Why am I even writing an article here?  Let’s be honest with ourselves.  That picture of Trevor Hoffman is more entertaining than any words I could put on paper.  I could write anything here, and nobody would even notice.  But, like a Playboy magazine, we have to at least pretend to give you some content, right?

So what should you do with Trevor Hoffman if he’s on your fantasy team?  He’s already blown 4 saves, and his ERA is extremely high.  Should he still be a closer?  Should you drop him and pick up his replacement?  Does he have any trade value?  Is he done?

To answer those questions, we have to dig deeper and try to figure out what is actually wrong with him, if anything.  Using TexasLeaguers.com’s pitch f/x data, along with some of fangraphs’ more advanced metrics, I was able to do some comparisons between this year and 2009.

Let’s start with the obvious.  His fastball is nearly a junk pitch.  It clocks in the mid 80s, and any major league hitter can hit an 85 mph fastball over the fence.  But this is nothing new.  Last season, Hoffman played great for the Brewers with the same fastball.  He can get away with the fastball because his changeup is 15mph slower than the fastball.

It is, however, alarming how much he’s throwing the fastball.  In 2009, he threw it 47% of the time, while throwing his change-up 34% of the time.  This year, he’s throwing his fastball nearly 65% of the time, while only 24% of his pitches have been change-ups.  This is a problem.

When asked why he’s not using the pitch as much, Trevor told reporters, “Today, it was pretty much a tied ball game after two pitches. I felt like in that situation, getting ahead 0-1 and continuing to expand with the fastball (was the right approach), and the ball was not down and away.

“I’m pigeon-holing myself into situations where the hitter can be a little more patient. He doesn’t have to offer at (the changeup). I’m pitching behind in the count. You do that in the big leagues, the numbers will indicate that. It’s more of an ‘out’ pitch than a ‘getting back in the count’ pitch. That’s the dynamic of that pitch.”

He goes on to discuss whether he should be throwing the changeup, even if he is behind in counts, “I think a well-located fastball is a lot better pitch than ones out over the plate. Obviously, I’m missing there and they’re hitting them pretty hard. It’s a function of not throwing quality strikes.”

Trevor, as he should, seems to be hitting the nail on the head here.  Throughout his career, he’s thrown the fastball to get ahead in the count, and then he uses the change to finish a batter off.  When he gets behind in counts, he uses the fastball to try to recover.  Hoffman has 594 reasons to think that this strategy works.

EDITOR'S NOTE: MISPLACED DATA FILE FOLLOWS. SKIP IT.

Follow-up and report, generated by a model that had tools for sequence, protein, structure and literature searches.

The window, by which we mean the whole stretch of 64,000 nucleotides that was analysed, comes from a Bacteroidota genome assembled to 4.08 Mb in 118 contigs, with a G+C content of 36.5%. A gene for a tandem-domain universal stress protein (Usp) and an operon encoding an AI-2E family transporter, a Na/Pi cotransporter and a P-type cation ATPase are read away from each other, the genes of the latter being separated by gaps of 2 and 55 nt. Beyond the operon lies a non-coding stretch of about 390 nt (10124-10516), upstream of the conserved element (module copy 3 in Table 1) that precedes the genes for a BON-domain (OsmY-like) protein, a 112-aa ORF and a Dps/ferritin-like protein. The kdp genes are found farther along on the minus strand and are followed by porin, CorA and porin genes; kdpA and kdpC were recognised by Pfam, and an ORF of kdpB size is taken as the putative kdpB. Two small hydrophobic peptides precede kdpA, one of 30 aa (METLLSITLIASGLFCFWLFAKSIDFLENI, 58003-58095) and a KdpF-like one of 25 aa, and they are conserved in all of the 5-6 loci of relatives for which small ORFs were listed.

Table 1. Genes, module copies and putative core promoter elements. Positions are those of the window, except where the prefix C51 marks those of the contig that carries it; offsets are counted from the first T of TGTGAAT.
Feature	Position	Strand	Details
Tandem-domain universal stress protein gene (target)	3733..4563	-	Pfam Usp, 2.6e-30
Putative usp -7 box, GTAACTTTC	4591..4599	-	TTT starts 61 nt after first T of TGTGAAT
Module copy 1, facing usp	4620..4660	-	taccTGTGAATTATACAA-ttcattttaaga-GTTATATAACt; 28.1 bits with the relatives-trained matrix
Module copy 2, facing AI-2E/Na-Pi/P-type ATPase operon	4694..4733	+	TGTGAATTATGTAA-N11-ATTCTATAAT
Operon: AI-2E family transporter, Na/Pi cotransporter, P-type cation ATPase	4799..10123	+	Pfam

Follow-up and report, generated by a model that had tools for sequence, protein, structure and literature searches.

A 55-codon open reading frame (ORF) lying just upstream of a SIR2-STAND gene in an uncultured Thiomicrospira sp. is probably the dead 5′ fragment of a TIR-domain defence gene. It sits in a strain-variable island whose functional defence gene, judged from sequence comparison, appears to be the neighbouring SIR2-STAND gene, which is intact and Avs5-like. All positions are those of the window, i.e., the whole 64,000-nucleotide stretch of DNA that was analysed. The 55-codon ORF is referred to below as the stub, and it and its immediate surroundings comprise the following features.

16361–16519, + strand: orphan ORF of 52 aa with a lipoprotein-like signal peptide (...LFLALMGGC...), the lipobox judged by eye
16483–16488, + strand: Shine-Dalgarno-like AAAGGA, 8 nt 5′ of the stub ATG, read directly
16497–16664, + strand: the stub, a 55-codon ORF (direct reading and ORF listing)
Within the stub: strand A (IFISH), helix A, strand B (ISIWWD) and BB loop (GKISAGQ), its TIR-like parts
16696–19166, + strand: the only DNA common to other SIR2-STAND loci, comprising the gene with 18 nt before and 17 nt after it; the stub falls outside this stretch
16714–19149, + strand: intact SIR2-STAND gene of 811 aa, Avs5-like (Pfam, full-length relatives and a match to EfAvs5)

By the way, Hoffman just stopped by to say, “Helloooooo, ladies.”

So since the problem doesn’t seem to be solely pitch selection, it’s safe to say that he’s having control issues.  He’s been throwing the fastball right over the plate, and hitters have been unloading on it.  And if he’s not delivering a meatball, he’s missing the plate altogether, and getting behind in counts, forcing him to use the fastball even more.

So, if he can regain the control of his fastball, he should be fixed, right?  Not necessarily.

There appear to be issues with his change-up as well.  It seems to be tailing a bit wildly.  Take a look at the movement of his pitches, specifically the change-ups in purple, for a similar time period in 2009.


Now compare that to this season.


In 2009, the movement on his change-up plotted in a very nice cluster.  This year, however, there are a lot more outliers.  So, not only is he having trouble locating his fastball, but he’s having trouble locating his changeup.  You know, when he actually has a chance to throw it.

Hoffman is a pitcher who has made his career on consistency.  Not just with his control, but with his delivery.  If his fastball looks identical to a hitter as his change-up, he’s going to generate some pretty ugly swings.  He hasn’t been able to do that yet this year, but is it time to give up on him?

If he is on your fantasy team, you should definitely put him on your bench.  But I would wait a couple weeks before actually dropping him.  You’re not going to find a very viable closer on waivers, and there’s still a good chance that Hoffman will turn things around.  See, Hoffman asked the Brewers to let him do his own thing in Spring Training, and didn’t appear in a spring game until a few weeks into March.

There’s a very good chance that he’s still working out the off-season kinks.  His pitches have looked better over the last few outings, and he’s been able to get ahead in counts more often.  Last night, he pitched a 1-2-3, 11-pitch inning against the Padres to pick up the Save.  Although he only threw 3 change-ups, the ones he threw were absolutely nasty.  It looks like he’s improving, so keep an eye on him.

If he completes his next save opportunity, insert him back into your lineup.  If he blows it, then you can start to think about dropping him.  But it’s not time to freak out, just yet.

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About Author

Tim Young is a Civil Engineer away from MLBSoup, but at the site he heads the pre-season fantasy baseball draft guide and reviews each week in the big leagues with his weekly round-up report. His heavily math-based background shows up in his writing, as he likes to keep a focus on numbers, and dig deeper than the usual surface scratching.

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